By 1980, the
The trek started at our house on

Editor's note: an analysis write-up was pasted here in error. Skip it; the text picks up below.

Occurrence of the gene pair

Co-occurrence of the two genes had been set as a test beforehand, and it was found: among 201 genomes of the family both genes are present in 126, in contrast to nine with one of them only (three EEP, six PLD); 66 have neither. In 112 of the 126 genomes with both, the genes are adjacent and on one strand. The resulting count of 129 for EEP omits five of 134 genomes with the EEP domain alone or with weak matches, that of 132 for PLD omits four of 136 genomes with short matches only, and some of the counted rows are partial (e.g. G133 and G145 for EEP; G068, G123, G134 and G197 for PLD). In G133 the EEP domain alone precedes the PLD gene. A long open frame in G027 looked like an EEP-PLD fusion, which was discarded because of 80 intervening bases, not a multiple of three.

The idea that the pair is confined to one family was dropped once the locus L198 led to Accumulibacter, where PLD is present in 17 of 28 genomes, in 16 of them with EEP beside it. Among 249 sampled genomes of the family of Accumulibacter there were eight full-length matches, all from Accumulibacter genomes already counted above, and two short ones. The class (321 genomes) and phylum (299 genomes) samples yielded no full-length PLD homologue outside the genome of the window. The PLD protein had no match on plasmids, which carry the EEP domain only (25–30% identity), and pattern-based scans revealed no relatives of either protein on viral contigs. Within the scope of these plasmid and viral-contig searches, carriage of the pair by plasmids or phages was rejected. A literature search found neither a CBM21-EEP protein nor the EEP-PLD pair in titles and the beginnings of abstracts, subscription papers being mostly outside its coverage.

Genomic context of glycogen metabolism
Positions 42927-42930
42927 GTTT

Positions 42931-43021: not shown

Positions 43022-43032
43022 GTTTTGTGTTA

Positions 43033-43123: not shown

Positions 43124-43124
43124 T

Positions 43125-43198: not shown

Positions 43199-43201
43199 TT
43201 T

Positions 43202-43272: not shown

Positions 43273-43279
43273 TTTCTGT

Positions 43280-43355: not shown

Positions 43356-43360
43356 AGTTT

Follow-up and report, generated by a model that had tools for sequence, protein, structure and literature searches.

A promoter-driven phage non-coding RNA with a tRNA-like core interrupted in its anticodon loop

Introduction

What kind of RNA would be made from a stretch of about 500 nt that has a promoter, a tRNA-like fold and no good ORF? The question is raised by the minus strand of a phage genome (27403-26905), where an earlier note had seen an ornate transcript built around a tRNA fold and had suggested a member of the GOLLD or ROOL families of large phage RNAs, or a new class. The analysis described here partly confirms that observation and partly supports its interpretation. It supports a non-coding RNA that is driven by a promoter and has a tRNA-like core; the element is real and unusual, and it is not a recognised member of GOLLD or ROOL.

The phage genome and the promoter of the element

At the top of the hill, we crossed the street over to Pennekamp, our elementary school. At the east playground entrance, we had to make a choice as to which way to go. Across the playground was quickest route, but it also had it perils. We were never sure who might be on the playground, and since it was at least 300 yards in length of blacktop and grass, we might be left in the open with no real option for escape if a problem might arise. Usually, those problems came from one source, and one source only: Curtis. He lived at the end of our block and was the bane of my existence. Curtis lived with his grandmother, and his lack of parental supervision was displayed in everything he did. My first introduction to Curtis was on my 5th birthday, when he came into our front yard and, for reasons known only to Curtis, threw a bicycle tire at my head, splitting open my right ear. Curtis tried to run down kids on his bike if they dared cross his path on the playground, pushed kids down in the street to prove his dominance, stole anything he could get his hands on, etc.. He was a complete clich’ of bully and would have been a joke if he was not such a real threat. If Curtis was around, going across the playground was not a good choice. However, finding him in the halls of the school was not a great option either. The best way to avoid a confrontation with Curtis was to take the back route, behind the school. There was an old cement path just south of the Pennekamp school library that led past the community garden then up over a steep hill. About 100 feet up the hill, the cracked asphalt the path ended at chained and locked fence. However, the lock and fence were so old and had been climbed through so many times, that any 10 year old could easily slip through the gap and be on their way. Once through the fence, we walked into a virtual wilderness, up past an overgrown volleyball court, and then past what looked like an abandoned corn field, before the path dipped down again into a steep incline. It ended at an ice plant hill that spilled out behind the school cafetorium. From there it was a short walk through the school parking lot to the street and relative safety on the other side. Since Curtis mainly confined his menace to the school grounds, we took a bit of cautious comfort as we turned south towards the high school.